why is it named the tenderloin?
In Reply to: Nanny Goat Hill posted by Cheryl Jensen on May 20, 2001 at 07:23:20:
My grandma used to talk about Nanny Goat Hill as matter-of-fact I live close to it. My family and I know that it is the hill referring to the Twin Peaks Area.
In Reply to: tenderloin posted by jeff on June 16, 2001 at 05:44:23:
zPub, one of Ron's links, has an answer at:
In Reply to: Re: Nanny Goat Hill posted by Gabrielle O'Connell on June 16, 2001 at 13:07:48:
My mistake sorry. It refers to a hill in the Bernal Heights area.
I'm trying to find info. on San Fran. for my daughter . I need climate, vegetation, Natural Resources to the area, Recreation with visual for each of these. If you can help ,Thank you
My father was a civilian internee (prisoner of war) in Shanghai from December 8, 1941 and returned to this country on October 21, 1945 aboard the USS Sanctuary. I have been trying to locate the hospital he was taken to, but with no success. Were civilian internees routed to any particular hospital? Was this noted in any newspaper? What hospitals were open at that time. I need to locate his medical records. Please help. Thanks very much for any information.
I had a great uncle that worked for Fernando Nelson & Sons, 2901 19th Ave., San Francisco in 1937. What kind of business was it?
I'm looking for information re:San Francisco men who signed up for WWI. I have a picture of my grandfather, his original induction papers and his
"dog tags" from WWI,
In Reply to: WWI veterans posted by Dave Newman on June 18, 2001 at 02:28:10:
Most San Francisco volunteers were assigned to the 363rd Infantry Regiment of the 91st Infantry Division. A good starting point would be the California Military Museum at http://www.militarymuseum.org/
Official Army service records are available through the National Archives' military personnel records center at http://www.nara.gov/regional/mpr.html
Might someone know where to find either a computer
image, or a real life portrait of A.P. Gianinni, the founder
of Bank of America? I'm in San Francisco.
Catherine Zhang (at http://www.catherinesart.com), a
San Francisco portraitist, has a retired
banker client who wants a portrait of him, but the quality
of the photocopy of Gianinni isn't good enough to use.
Thanks very much,
In Reply to: Fourth Grade County Report posted by Benjamin J. Gehm on June 17, 2001 at 05:28:00:
I did a search on the keywords "san francisco natural resources recreation" at google.com and came up with many sites, including these:
In Reply to: Use the link to Zpub posted by Julia Christy on June 16, 2001 at 13:18:48:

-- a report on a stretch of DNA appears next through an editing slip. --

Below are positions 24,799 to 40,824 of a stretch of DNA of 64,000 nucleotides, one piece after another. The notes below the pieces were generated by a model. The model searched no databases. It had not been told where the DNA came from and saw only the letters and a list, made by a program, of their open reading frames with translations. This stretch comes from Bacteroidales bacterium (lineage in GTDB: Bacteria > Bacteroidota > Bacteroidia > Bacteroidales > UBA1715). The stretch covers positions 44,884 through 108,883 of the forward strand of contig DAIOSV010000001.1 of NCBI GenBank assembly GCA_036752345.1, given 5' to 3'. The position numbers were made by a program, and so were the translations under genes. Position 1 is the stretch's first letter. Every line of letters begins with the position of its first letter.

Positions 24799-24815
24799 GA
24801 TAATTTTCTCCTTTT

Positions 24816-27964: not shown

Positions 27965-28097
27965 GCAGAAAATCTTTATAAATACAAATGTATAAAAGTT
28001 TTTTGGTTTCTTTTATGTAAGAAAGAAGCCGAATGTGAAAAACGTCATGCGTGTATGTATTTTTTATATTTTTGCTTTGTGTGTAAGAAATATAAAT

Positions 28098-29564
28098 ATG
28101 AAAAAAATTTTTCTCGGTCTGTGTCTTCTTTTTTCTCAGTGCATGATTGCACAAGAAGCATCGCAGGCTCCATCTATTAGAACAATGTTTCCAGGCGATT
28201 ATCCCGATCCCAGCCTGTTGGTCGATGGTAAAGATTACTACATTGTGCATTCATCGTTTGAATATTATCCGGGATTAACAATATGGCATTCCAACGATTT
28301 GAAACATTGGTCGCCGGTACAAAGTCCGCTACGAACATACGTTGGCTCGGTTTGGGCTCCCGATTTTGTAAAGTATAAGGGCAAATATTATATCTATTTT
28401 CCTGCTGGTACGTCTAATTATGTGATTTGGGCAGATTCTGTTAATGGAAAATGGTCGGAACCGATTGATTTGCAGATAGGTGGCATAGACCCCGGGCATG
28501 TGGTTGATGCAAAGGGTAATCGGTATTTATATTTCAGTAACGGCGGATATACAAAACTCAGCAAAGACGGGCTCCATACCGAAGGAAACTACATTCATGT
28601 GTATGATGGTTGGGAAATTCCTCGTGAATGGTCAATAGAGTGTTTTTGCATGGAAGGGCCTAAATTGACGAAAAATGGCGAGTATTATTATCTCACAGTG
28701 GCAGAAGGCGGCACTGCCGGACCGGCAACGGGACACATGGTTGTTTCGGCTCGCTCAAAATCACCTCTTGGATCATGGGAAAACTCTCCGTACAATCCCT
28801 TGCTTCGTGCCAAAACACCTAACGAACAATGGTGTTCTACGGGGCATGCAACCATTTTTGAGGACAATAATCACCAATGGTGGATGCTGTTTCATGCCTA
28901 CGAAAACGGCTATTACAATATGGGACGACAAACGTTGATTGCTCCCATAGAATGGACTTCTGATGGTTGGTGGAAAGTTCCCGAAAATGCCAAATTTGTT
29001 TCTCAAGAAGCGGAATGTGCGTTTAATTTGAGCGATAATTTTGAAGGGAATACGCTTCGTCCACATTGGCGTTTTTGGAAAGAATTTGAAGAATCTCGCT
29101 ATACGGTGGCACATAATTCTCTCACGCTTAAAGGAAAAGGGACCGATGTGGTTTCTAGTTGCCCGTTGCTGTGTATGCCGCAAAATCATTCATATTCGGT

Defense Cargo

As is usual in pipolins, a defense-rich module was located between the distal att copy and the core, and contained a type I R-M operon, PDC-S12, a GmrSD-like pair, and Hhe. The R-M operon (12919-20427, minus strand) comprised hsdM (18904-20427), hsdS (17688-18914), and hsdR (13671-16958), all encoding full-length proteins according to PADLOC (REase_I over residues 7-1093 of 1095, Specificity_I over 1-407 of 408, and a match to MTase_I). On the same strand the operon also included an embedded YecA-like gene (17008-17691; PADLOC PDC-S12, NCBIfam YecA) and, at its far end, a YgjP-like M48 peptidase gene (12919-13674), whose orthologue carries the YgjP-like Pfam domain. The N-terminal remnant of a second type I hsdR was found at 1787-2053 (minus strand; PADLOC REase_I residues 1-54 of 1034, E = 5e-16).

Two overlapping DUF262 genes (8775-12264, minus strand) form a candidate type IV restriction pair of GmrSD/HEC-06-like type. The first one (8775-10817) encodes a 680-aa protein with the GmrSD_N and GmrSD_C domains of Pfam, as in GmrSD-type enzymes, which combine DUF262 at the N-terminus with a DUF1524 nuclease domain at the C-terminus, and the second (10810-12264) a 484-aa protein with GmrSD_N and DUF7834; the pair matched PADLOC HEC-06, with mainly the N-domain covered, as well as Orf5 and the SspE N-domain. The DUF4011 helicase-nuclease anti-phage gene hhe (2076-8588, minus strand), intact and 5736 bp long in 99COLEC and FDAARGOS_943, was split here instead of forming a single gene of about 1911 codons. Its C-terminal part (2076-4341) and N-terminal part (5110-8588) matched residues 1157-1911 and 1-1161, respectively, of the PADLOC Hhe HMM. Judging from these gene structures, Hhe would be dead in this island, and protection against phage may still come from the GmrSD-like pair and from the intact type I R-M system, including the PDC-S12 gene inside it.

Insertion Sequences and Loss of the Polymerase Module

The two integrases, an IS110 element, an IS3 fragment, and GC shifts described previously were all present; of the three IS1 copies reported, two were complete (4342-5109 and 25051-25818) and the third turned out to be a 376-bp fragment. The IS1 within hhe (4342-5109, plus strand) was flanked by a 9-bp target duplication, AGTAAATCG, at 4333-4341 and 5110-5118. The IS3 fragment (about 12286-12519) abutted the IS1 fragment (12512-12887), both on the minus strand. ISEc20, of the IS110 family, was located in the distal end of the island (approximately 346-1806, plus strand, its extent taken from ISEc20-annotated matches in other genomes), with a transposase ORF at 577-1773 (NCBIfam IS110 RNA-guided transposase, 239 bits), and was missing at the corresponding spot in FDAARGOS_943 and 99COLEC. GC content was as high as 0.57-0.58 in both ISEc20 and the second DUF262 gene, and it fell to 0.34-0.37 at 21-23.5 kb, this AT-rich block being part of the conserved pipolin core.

An article in the S.F. Examiner, 21 Sep 1977, page 9 states that the Tenderloin was originally a theater district. The origin of the name is as follows: "The name was transplanted from New York City where Police Captain Charles Becker reputedly said, "Now I'll eat tenderloin." when he was assigned to preside over New York's glittery precinct west of Broadway, the theater district.
In Reply to: Cypress Lawn cemetery posted by Barbara on June 15, 2001 at 11:53:01:
I found my answers I didn't know that the SF cemeteries seem to be in colma.
The other questions refer to the Order of Odd Fellows.
What happened to the the San Francisco Nursery for Homeless Children? After 1906 Earthquake it moved to another location in SF. Where can I get records information?
PLEASE email: email@example.com
I am hoping to find information about the first location of Butterfield & Butterfield Auctioneers. It was first established in 1865 and was rumored to be on the site of the Transamerica Pyramid (Wash. & Mont.) But I cannot seem to back that up with fact. Any information at all on Butterfield & Butterfield's early SF history would be ENORMOUSLY appreciated!
Growing up here in SF I remember often being told that the nickname of San Francisco is "The City That Knows How". However, I find very little mention of it. In fact, only the very old-time locals have ever even heard the phrase. I'd like to know if anyone out there has any knowledge about the origins and accuracy of this nickname.
In Reply to: The City That Knows How posted by Joe Alioto II on June 22, 2001 at 06:23:44:
According to Donna Ewald in her great book on the Panama-Pacific International Exposition, the phrase was coined on October 15, 1911 by then President William Howard Taft at a lunch at the Cliff House, "thus immortalizing this sobriquet". President Taft happened to be in town for the groundbreaking of the Exposition the day before in Golden Gate Park. I hope this helps you out!
In Reply to: Seek image of A.P. Gianinni founder of B of A posted by Emmett McLean on June 19, 2001 at 03:03:15:
I recommend the California Heritage Digital Image Access Project:
Search for "Giannini" or click on "California Faces: Selections from The
Bancroft Library Portrait Collection".
In Reply to: what are the advntages to San Franciscos location? posted by Sarah on June 12, 2001 at 08:38:38:
A book could be written on these topics. Probably one of the biggest natural advantages is that S.F. is located on the western coast and is one of the primary maritime ports. As for culture, since it was one of the biggest immigration centers, people with a variety of cultural backgrounds have settled down in the area.
Hope this helps.
Hello! A friend of mine is writing a novel set in SF during the late 1940's. He's realized that phone directories for those years would be a great help to him! Do you know of any sources for these? Best would be if he could buy copies, but if there's just a library or other place that has them available for reference, it would be such a help. Any ideas? Thanks so much!